Give an example of friend classes in C++ and an example of when you would use one.
In C++, the friend keyword can be applied to either a function or a class. A friend function or friend class has access to the private members of the class in which the declaration occurs. There are programmers who think that this feature violates the principles of object oriented programming because it allows a class to operate on another class’s private members. And, this can lead to unexpected bugs when the internal implementation of a class causes problems with the friend class that accesses it.
C++ Friend Classes Protected
In addition to having access to private members, you should remember that friend classes (and functions) will also have access to any protected members of the class as well.
What are the benefits of a friend class?
There are some scenarios in which it would be very beneficial to use a friend class. For example, suppose that we have implemented a linked list array class. And, let’s suppose that we also want to create a separate class to iterate through the linked list. The iterator class would most likely need to have access to the linked list class’s private members in order to function correctly. In this scenario, it would make a lot of sense to declare the iterator as a friend to the linked list class. The two classes essentially depend on each other, so having them be separated does not make much sense.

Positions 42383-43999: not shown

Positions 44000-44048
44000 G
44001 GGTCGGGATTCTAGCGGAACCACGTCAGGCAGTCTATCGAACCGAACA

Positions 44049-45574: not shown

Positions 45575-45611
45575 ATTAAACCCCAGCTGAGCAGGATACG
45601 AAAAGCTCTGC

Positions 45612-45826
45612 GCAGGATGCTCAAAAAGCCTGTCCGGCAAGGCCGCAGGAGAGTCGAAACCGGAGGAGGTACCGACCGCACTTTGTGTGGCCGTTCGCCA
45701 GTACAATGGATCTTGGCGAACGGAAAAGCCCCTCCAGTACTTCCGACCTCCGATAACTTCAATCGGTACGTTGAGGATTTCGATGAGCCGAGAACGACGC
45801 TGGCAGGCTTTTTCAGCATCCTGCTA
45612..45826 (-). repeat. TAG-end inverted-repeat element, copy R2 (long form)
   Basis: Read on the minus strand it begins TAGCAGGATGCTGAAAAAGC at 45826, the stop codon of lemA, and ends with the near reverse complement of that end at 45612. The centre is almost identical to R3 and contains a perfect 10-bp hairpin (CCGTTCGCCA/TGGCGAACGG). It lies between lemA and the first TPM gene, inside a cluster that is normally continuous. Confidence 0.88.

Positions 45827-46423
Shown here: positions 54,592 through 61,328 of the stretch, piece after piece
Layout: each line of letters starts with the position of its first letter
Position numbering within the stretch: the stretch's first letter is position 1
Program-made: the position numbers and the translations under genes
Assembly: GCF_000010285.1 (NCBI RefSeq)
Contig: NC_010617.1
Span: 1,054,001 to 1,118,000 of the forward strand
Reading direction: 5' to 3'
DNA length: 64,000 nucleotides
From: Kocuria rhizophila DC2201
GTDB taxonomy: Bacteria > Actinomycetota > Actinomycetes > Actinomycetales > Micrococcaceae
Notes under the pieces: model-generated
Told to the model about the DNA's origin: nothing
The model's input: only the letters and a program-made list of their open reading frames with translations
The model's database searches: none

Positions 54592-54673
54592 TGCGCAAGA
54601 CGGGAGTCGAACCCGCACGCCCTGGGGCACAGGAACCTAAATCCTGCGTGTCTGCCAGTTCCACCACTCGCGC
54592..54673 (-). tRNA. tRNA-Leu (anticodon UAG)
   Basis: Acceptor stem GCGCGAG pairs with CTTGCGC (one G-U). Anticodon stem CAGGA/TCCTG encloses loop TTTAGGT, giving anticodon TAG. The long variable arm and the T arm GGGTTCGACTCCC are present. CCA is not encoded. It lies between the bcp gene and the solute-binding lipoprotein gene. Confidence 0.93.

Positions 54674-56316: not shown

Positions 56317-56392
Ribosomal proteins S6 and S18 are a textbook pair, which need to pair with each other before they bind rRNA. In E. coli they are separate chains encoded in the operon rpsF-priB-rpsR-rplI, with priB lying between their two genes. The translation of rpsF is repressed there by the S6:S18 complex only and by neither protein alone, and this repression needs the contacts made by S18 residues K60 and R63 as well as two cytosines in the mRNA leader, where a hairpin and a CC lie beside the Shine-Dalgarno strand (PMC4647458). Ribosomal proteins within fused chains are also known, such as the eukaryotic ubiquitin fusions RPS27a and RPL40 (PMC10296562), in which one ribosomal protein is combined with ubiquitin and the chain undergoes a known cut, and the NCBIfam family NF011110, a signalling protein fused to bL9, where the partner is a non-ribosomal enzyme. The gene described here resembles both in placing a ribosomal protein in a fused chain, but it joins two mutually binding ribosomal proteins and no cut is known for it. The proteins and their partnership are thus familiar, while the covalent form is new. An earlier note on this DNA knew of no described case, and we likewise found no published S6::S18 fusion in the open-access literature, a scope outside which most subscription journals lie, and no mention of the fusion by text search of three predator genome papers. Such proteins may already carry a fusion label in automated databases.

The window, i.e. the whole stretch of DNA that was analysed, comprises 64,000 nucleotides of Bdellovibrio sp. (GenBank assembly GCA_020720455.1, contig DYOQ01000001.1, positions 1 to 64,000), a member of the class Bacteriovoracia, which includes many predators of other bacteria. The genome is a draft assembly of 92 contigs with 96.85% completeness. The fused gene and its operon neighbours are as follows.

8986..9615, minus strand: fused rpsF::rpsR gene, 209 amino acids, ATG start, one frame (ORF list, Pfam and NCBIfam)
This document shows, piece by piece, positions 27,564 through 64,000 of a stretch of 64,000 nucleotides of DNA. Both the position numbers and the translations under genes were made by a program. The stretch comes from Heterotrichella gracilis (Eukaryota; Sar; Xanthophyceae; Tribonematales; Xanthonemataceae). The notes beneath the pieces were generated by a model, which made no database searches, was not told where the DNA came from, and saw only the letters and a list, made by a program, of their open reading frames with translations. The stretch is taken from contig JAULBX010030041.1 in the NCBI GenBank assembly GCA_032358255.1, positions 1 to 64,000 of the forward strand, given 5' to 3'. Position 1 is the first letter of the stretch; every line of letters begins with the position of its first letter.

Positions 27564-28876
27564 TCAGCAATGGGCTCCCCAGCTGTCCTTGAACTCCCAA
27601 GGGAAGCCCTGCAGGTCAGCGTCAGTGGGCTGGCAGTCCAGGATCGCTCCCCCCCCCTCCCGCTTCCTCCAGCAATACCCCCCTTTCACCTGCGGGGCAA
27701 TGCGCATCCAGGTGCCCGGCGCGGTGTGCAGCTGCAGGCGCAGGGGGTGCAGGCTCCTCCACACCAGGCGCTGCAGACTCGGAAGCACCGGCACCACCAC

What about Friend Classes in Java and C#?
Although both Java and C# do not support the concept of friend classes, they do have something called nested classes. Nested classes have access to their enclosing class’s private methods and data. So, nested classes provide almost the same functionality that friend classes do, and are a good alternative in Java and C#.